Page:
Tanka: Poetic Form. The Japanese tanka is a thirty-one-syllable poem, traditionally written in a single unbroken line. A form of waka, Japanese song or verse, tanka translates as "short song," and is better known in its five-line, 5/7/5/7/7 syllable count form.
Tanka: Poetic Form | Academy of American Poets - Poets.org
How to write a Tanka poem
The Tanka poem is very similar to haiku but Tanka poems have more syllables and it uses simile, metaphor and personification.
There are five lines in a Tanka poem.
Line one - 5 syllables Beautiful mountains
Line two - 7 syllables Rivers with cold, cold water.
Line three - 5 syllable White cold snow on rocks
Line four - 7 syllables Trees over the place with frost
Line five - 7 syllables White sparkly snow everywhere.
Tanks poems are written about nature, seasons, love, sadness and other strong emotions. This form of poetry dates back almost 1200 years ago.
Similarly, the other form is waka
It is a poem in thirty-one syllables, arranged in five lines, of 5/7/5/7/7 syllables respectively. For example, here is a poem written by a famous Heian-period woman, Ono no Komachi:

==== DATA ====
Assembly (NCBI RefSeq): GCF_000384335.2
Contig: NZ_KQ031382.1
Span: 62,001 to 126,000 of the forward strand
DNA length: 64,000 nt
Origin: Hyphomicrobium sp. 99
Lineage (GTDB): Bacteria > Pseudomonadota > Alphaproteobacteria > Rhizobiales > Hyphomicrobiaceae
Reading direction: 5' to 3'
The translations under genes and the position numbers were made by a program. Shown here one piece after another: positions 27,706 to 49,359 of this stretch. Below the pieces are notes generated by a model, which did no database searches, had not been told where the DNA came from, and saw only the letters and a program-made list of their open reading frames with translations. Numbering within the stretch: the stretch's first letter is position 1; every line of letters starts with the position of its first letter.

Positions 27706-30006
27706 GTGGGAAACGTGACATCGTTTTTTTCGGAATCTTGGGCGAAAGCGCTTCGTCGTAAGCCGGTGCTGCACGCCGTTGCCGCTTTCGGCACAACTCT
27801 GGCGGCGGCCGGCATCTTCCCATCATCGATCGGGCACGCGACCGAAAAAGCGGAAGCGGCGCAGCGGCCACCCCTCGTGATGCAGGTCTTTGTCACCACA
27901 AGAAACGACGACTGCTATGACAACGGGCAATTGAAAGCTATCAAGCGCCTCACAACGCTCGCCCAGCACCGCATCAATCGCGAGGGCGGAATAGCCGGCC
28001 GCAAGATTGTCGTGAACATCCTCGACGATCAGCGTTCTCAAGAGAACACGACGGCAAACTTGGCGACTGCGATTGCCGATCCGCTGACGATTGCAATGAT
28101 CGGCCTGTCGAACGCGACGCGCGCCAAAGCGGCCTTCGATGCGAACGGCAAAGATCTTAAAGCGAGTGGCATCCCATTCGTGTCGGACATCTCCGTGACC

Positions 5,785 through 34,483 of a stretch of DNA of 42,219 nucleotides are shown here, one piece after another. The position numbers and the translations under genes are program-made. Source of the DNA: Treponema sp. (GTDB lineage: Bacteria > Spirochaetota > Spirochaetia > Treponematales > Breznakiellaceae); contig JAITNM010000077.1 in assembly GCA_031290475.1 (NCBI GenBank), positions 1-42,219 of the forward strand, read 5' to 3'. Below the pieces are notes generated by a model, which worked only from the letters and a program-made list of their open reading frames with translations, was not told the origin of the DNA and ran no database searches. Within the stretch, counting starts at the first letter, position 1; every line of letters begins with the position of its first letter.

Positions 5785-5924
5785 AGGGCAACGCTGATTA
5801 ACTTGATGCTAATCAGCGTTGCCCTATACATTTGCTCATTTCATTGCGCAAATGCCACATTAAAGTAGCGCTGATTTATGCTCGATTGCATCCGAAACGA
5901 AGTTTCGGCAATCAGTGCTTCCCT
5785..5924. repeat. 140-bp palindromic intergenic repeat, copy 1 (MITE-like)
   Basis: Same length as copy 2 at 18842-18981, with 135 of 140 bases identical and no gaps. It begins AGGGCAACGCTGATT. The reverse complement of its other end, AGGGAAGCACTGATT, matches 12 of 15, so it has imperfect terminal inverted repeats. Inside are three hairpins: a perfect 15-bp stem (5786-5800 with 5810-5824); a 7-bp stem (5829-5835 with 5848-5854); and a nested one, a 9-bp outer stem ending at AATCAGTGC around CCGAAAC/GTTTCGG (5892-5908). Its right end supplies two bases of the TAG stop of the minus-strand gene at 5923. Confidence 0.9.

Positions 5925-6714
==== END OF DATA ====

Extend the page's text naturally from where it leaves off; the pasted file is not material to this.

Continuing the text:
The flowers withered, (5)
Their color faded away, (7)
While meaninglessly (5)
I spent my days in the world (7)
And the long rains were falling. (7) (1)
The waka is often said to have an "upper verse," which refers to the first three lines, and a "lower verse," the last two. The haiku form is based on the "upper verse"; another form, called a renga, is made from alternating the two — first a three-line, seventeen syllable verse, then a two-line, fourteen syllable one, each by a different poet for up to a hundred verses!—from
|photo: Juan Fujita, 1919 Chicago Race Riot. Fujita was a poet who employed the tanka technique|